Which Red Hat / CentOS updates should be applied and on what schedule?

Shovas asked:

I’m subscribed to the CentOS-announce mailing list and I’ve read the definitions of the various severity tags such as Critical, Important, Moderate, Low, BugFix, etc. but I’m still unclear as to what really needs to go out and what can wait (as I need to justify an interruption to our regular work to get the updates out there).

So far I’ve tried to get critical updates applied in our production environments as quickly as possible.

What is the normal schedule of applying these updates? They happen so frequently clearly we can’t apply them all quickly because they need to be tested to ensure they haven’t broken our systems.

For context, we mainly run a website and there’s no extra users on the system so I’m typically not worried about ‘local exploits’ as much as I’m worried about remote exploits. But I feel I’m still in the dark about how best to apply these updates.


My answer:

I manage a number of different web sites for various clients, and this is generally what I do.

First, the top priority for security updates should be the web application itself. The vast majority of attacks will be targeting your web site and the code that runs it, and this needs to be kept secure. If you use off-the-shelf web applications, this is one place where I would even consider automatic updates, but in no case would I let a security update for something like WordPress or Drupal age more than 24 hours before testing it and most likely rolling it out.

If your web app is custom built, ensure that your developers are keeping on top of security issues, to whatever extent that you can do so. This is a scenario in which your organization should be doing DevOps to ensure that the web developers and IT are working well together and that issues are resolved timely.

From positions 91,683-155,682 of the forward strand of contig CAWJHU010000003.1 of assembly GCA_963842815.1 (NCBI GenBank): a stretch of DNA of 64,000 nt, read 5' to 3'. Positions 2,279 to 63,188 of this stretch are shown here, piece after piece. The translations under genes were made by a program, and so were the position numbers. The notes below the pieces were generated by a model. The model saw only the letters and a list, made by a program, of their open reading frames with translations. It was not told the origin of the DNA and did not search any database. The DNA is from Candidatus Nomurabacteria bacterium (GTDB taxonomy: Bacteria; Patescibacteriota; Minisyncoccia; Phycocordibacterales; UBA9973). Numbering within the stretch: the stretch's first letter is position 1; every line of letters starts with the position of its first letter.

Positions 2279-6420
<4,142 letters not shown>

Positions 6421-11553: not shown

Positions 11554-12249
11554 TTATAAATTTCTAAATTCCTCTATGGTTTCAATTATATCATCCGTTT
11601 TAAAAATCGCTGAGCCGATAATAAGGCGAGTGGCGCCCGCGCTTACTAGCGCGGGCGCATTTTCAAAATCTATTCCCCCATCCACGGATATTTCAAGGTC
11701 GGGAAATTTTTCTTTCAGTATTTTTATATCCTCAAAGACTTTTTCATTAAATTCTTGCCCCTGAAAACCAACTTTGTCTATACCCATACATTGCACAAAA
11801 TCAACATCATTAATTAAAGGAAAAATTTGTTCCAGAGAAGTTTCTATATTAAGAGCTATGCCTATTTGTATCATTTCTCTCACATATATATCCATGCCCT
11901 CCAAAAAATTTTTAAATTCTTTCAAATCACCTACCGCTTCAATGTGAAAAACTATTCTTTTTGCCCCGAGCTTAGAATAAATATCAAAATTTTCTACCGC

After that, the next critical updates I consider are those that “go viral” and that you hear about on national news, such as Heartbleed, POODLE, etc., as well as updates to anything in the critical path, like nginx and PHP for Drupal and WordPress sites. I apply updates for these as soon as they’re available. I also am on the mailing lists for the upstream packages (e.g. I am subscribed to openssl-announce) so that I get notification for really important things as soon as possible.

Next, I apply updates to every public facing server (web front ends, load balancers, etc.), and every supporting server (databases, etc.) once a month. This includes any leftover security and bug fix updates. In many organizations this is done quarterly across the board, but it’s my opinion that public web sites, especially those doing e-commerce, should not be left to rot for that long. I almost always do this the weekend after Microsoft’s patch Tuesday, which is almost always enough time to hear about bad Microsoft updates (though I mostly run Linux systems, it’s easier to have one weekend to update everything).

Finally, I sit back, relax and wait to see what breaks. Despite your best efforts at testing updates, something will eventually go wrong. Watch your monitoring system. If something breaks that isn’t being monitored, fix it and then start monitoring it. Be prepared to rollback (yum history undo is helpful).

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